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Roy Borges, inmate #029381, Florida State Prison system


Genesis 39:20-21a  —  Joseph’s master took him and put him in prison, the place where the king’s prisoners were confined.  But while Joseph was there in the prison, the Lord was with him…

Luke 4:18-19  —  (Jesus said), “The Spirit of the Lord is upon me, because he has anointed me to proclaim good news to the poor.  He has sent me to proclaim freedom for the prisoners and recovery of sight for the blind, to set the oppressed free, to proclaim the year of the Lord’s favor.”

Psalm 119:141  —  Though I am lowly and despised, I do not forget your precepts.

Psalm 22:23-24  —  You who fear the Lord, praise him!…  For he has not despised or scorned the suffering of the afflicted one; he has not hidden his face from him, but has listened to his cry for help.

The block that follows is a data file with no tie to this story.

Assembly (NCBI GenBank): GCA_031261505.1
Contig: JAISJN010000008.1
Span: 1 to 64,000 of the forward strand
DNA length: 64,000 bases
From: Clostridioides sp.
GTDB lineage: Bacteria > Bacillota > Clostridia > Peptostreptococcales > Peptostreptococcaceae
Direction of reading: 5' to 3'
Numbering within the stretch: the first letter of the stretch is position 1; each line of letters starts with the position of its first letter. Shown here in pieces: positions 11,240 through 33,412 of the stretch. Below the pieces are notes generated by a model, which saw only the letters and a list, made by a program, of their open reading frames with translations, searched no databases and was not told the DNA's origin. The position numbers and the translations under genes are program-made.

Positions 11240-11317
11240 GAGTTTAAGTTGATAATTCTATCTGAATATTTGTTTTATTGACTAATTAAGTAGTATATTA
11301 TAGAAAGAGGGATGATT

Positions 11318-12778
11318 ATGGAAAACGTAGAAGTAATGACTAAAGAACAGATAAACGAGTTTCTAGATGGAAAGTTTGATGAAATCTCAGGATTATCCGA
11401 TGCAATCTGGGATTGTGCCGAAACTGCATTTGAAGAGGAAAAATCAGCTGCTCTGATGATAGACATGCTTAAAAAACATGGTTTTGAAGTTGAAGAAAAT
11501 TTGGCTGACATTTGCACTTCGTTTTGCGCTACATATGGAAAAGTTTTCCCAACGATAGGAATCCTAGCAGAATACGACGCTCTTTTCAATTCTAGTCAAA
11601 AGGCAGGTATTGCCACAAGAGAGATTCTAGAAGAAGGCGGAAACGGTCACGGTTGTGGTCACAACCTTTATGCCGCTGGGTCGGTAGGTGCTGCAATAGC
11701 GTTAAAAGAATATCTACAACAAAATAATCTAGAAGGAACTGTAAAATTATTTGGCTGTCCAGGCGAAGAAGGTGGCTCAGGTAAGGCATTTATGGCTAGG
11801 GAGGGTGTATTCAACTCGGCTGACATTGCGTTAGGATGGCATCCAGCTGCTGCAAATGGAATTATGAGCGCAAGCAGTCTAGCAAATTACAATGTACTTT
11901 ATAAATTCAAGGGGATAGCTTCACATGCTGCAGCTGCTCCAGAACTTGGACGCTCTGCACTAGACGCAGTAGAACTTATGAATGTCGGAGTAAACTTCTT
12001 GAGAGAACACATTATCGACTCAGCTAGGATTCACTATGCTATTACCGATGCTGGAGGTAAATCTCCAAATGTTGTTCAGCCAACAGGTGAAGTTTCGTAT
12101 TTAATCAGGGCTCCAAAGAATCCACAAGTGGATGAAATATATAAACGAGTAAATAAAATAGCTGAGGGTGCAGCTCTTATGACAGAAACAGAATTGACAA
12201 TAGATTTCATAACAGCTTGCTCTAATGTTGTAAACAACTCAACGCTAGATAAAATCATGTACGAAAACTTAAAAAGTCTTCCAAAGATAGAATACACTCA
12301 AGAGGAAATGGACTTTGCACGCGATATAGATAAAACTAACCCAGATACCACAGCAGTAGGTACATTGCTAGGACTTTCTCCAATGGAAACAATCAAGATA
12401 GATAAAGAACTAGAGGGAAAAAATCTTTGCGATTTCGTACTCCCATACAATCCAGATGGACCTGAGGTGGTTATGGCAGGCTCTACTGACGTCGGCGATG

Almighty and most merciful God, we call to mind before you all those whom it would be easy to forget:  the homeless, the destitute, the sick, the aged, those in prison, and all who have none to care for them.  Help us to heal those who are broken in body or spirit, and to turn their sorrow into joy.  Grant this, Father, for the love of your Son, who for our sake became poor, Jesus Christ our Lord.  Amen.

Lutheran Book of Worship, Augsburg, 1978, prayer #181, (adapted)

1025) The Suffering God

By Alvin Rogness, The Word for Every Day, page 303, Augsburg Publishing House, 1981.

     If God is perfect, does he suffer?  If he is all-powerful, all-knowing, everywhere-present, holy and eternal, can we possibly cause him to suffer?  Would it not be beneath his dignity to let small people like us cause him pain?